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List of Native Americans of the United States

This is a list of notable Native Americans from peoples indigenous to the contemporary United States, including Native Alaskans, Native Hawaiians, and Native Americans in the United States.[1][2] Native American identity is a complex and contested issue. The Bureau of Indian Affairs defines Native American as having American Indian or Alaska Native ancestry. Legally, being Native American is defined as being enrolled in a federally recognized tribe or Alaskan village. Ethnologically, factors such as culture, history, language, religion, and familial kinships can influence Native American identity.[3] All individuals on this list should have Native American ancestry. Historical figures might predate tribal enrollment practices and would be included based on ethnological tribal membership,




Warriors and militaryEdit


Religious leadersEdit

Novelists and poetsEdit

TV and FilmsEdit

Musicians and singersEdit



Linguists and interpretersEdit

Journalists and columnistsEdit



See alsoEdit


  1. ^ Notable American Indians
  2. ^ Famous Native Americans
  3. ^ "IV. Our Nation’s American Indian and Alaska Native Citizens." US Department of the Interior Bureau of Indian Affairs. Retrieved 8 July 2012.
  4. ^
  5. ^ Walker, Richard (June 9, 2017). "10 Things You Should Know About the Tulalip Tribes". People. Indian Country Today. National Congress of American Indians. ISSN 1066-5501. Archived from the original on September 29, 2017. Retrieved June 11, 2018. Deborah Parker (1970– ). Former vice chairwoman of the Tulalip Tribes; leading advocate for expansion of the Violence Against Women Act to include protections for Native American women; appointed by Sen. Bernie Sanders, D-Vermont, to the 2016 Democratic National Convention's Platform Committee.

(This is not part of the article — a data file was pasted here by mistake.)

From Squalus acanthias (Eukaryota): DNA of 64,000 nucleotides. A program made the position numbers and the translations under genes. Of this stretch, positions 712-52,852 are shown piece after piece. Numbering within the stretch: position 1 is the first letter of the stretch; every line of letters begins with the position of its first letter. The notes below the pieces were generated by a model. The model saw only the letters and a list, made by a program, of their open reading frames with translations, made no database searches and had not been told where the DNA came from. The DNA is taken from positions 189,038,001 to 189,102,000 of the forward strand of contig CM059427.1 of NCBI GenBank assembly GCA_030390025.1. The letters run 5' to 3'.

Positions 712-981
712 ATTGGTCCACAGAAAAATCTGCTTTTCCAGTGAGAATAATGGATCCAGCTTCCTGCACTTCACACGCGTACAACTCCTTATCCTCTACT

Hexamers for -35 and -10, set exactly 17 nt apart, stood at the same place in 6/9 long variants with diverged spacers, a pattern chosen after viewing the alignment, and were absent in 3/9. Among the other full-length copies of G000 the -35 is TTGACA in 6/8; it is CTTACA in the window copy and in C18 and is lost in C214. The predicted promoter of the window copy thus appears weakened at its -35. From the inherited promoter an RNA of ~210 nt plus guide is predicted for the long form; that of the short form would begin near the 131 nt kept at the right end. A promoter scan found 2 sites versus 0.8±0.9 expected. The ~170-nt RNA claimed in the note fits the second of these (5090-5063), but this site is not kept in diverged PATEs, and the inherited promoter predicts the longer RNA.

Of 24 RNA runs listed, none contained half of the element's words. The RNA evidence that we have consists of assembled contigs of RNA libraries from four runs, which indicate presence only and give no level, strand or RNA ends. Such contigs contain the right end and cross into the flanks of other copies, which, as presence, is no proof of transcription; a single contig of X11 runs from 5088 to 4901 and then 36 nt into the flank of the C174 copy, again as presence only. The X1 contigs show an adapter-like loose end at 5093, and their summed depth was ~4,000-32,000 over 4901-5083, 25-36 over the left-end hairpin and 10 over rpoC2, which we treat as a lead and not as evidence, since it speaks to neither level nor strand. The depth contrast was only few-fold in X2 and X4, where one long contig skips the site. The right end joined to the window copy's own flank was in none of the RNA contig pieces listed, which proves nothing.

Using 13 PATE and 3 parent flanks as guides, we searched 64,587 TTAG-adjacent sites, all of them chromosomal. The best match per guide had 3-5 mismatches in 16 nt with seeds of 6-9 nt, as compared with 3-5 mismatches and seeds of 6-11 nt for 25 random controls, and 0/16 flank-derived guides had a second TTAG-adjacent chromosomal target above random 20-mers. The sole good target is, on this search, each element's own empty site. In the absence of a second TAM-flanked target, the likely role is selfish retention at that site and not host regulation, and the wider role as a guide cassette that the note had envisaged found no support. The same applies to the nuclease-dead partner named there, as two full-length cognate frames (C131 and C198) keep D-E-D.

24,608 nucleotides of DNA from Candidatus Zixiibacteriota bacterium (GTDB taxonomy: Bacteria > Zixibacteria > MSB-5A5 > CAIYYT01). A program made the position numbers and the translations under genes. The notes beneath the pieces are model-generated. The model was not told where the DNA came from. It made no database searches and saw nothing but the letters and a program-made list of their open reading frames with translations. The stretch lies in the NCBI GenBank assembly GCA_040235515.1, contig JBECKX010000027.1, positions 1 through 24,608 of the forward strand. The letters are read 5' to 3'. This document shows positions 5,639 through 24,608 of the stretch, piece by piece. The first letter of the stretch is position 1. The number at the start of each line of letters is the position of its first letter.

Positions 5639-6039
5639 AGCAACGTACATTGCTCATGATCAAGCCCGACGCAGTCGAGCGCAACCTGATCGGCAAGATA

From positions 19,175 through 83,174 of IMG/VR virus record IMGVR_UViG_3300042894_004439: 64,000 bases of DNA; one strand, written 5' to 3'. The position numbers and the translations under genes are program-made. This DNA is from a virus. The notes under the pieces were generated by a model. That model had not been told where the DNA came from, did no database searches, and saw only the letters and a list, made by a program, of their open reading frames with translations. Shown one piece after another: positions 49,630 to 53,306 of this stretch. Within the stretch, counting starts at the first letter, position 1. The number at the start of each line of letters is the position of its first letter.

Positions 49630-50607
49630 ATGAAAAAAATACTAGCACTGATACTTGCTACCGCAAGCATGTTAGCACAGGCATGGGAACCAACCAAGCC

6. ^ Muhlstein, Julie (May 22, 2012). "Tulalip leader speaks in D.C. for protection for women". Local News. The Daily Herald. Josh O'Connor. ISSN 2332-0079. Archived from the original on July 22, 2018. Retrieved July 22, 2018. Parker, 41, is the new vice chairwoman of the Tulalip Tribes Board of Directors. Elected in March [2012], she is the only woman on the current board and its youngest member.
  7. ^ Winters, Chris (March 24, 2015). "Tulalip Tribes return former chairman to board". Local News. The Daily Herald. Tulalip: Josh O'Connor. ISSN 2332-0079. Archived from the original on July 22, 2018. Retrieved July 22, 2018. Board member Deborah Parker did not run for re-election.
  8. ^ Green, Sara Jean. "Luana Reyes, 68, a leader in agency for Indian health." Seattle Times. 10 Nov 2001. Retrieved 25 July 2012.
  9. ^ " Did You Know They're Native?" Mitchell Museum of the American Indian. Retrieved 9 July 2012.
  10. ^ "Pocahontas." Powhatan Museum. Retrieved 22 Jan 2011.
  11. ^